But somehow I was glad to weep.
And perhaps this is not a dream.. perhaps Shakespeare at the very end of his creative life understood a truth here that he needed to communicate.

And I know, in a still unformed way, that there is something here I need to communicate too.

It was good to bump into Mark Thomson's PA and for her to say "I have a contract on my desk for you".


Friday, September 21, 2007

21st September
A slow week, trying to finish my translation of Lorca's BLOOD WEDDING.
Each week, I promise myself I'll have it finished by the Friday;
and each week Friday comes and I still am nowhere near the end.
At the moment I'm working on the wedding scene of act two.
The difficulty with this scene are the songs. The endless, endless songs.
In the Spanish they are very beautiful: they evoke a timeless world of fecund connection with nature.
In English, I find myself grappling with:
"The bride cannot sleep in the grapefruit groves"
"Wake white dove!
The dawn clears away
The deep bells of shadow"
"Let the bride wake up
For the wedding is coming
Snaking through the fields
Leaving trails of dahlias
And loaves of glory"
Every page now is criss crossed with crossings out. And new versions. Also crossed out.

I learnt this week that the Donmar Warehouse are planning a production of LIFE IS A DREAM, a Calderon play I translated in the late nineties.
They weren't saying which translation they were going to use; so I asked my agent to find out.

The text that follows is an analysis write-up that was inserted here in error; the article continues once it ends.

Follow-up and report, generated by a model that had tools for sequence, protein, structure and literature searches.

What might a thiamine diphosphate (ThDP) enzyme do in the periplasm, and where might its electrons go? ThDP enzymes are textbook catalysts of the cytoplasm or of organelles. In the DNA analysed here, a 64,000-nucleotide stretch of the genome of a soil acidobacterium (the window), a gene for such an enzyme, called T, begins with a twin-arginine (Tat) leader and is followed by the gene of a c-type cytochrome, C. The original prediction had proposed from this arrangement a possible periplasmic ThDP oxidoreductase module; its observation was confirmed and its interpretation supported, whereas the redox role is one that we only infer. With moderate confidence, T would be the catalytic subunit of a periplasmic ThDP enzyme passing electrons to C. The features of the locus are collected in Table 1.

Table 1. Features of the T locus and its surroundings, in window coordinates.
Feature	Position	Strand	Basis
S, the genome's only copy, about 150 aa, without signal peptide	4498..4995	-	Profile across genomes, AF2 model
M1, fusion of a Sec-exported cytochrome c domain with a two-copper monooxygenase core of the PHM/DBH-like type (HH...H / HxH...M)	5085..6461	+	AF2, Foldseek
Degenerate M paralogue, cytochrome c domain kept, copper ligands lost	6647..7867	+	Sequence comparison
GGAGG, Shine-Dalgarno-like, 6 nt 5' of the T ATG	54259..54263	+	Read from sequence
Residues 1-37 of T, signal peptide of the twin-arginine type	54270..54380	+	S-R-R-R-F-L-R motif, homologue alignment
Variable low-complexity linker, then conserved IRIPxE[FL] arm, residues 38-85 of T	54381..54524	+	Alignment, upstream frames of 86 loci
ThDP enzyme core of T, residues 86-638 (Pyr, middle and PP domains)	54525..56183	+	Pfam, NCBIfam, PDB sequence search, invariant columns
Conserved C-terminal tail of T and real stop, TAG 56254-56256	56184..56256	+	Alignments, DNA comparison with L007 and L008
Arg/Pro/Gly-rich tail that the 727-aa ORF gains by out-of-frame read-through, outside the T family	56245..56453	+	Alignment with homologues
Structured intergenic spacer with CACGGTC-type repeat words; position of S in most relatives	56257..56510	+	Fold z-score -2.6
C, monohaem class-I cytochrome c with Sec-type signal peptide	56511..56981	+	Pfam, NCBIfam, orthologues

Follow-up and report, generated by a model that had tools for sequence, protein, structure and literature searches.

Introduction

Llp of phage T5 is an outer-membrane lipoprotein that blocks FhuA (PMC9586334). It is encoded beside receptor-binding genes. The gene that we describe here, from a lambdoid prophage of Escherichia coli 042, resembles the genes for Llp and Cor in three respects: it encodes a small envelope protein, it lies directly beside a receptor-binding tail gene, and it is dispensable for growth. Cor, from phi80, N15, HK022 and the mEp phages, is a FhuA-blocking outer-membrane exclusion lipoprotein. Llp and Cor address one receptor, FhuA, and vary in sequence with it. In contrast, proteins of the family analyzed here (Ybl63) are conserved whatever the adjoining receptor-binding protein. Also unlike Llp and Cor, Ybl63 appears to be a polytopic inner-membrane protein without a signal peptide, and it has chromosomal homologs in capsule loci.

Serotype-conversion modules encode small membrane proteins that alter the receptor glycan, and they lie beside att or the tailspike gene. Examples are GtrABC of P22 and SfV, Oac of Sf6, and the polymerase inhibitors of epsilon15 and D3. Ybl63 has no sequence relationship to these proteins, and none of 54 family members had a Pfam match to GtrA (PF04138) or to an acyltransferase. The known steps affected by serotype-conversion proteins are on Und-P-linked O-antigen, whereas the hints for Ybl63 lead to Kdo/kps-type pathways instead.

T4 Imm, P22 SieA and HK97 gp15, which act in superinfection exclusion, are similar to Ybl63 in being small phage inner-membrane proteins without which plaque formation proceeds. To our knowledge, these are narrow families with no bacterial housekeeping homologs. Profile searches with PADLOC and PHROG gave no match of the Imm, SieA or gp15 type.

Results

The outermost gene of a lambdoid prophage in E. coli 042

They said they "liked the Clifford" best of all the versions "out there".
But no, they weren't going to use it.
They'll commission another one, from a "name" who almost certainly will know no Spanish.
And almost certainly, i say in my (hopefully justified) arrogance, will not produce anything as good.

It is the most frustrating aspect of my working life just now, this lack of a marketable name.

I used to have one. How did it go? How can I get it back?

I remind myself: these things come and go. It's as meaningless as the chsanging of the wind.

I am lucky to be where I am.

I go back to finding an equivalent for dahlias.

Tuesday, September 18, 2007

18th September
I've been away - at an academic conference in Bath called "The Social Context of Death, Dying and Disposal".
Or DDD8 to its friends.
We all laugh a bit uneasily when I tell my friends where I have been.
Yet I also add that this is one of the best academic conferences I have ever attended.
I came away having attended papers on:
  1. The inadequacy of current medical definitions of ‘brain death’ as the measure of the moment of dying
  2. Clothes for death: croatian women and the clothes they have prepared to die in
  3. Lifting the Lid: description of a ceremonial theatre event in Bristol connected with people’s grieving
  4. Death education in newcastle, Australia: the world cafe
  5. how nursing homes, in theur architecture and organisation, amplify disorientation and increase suffering of the last days
  6. ‘I must hire a lttle room to die in’ the dying experience of the Victorian poor
  7. the loneliness of the dying: their entering a place where empathy is difficult, maybe impossible
  8. biographical pain at the end of life
  9. sacred dying
  10. a holistic view of dying
  11. The provisions of mortuaries in London 1866-89
  12. near death experiences
  13. house shrines in the Netherlands
  14. Death of the people’s singer
  15. public memorials
  16. finding the right place for cremated remains
  17. place attachments for eternity: burial places in brazil france, and spain
  18. Our present cultural discomfort around death and bereavement
  19. Blogs as a means of communicating and overcoming grief....

..each of which in their own way utterly fascinating.

And what's more, all presented in an atmosphere of friendliness and mutual criticism and support.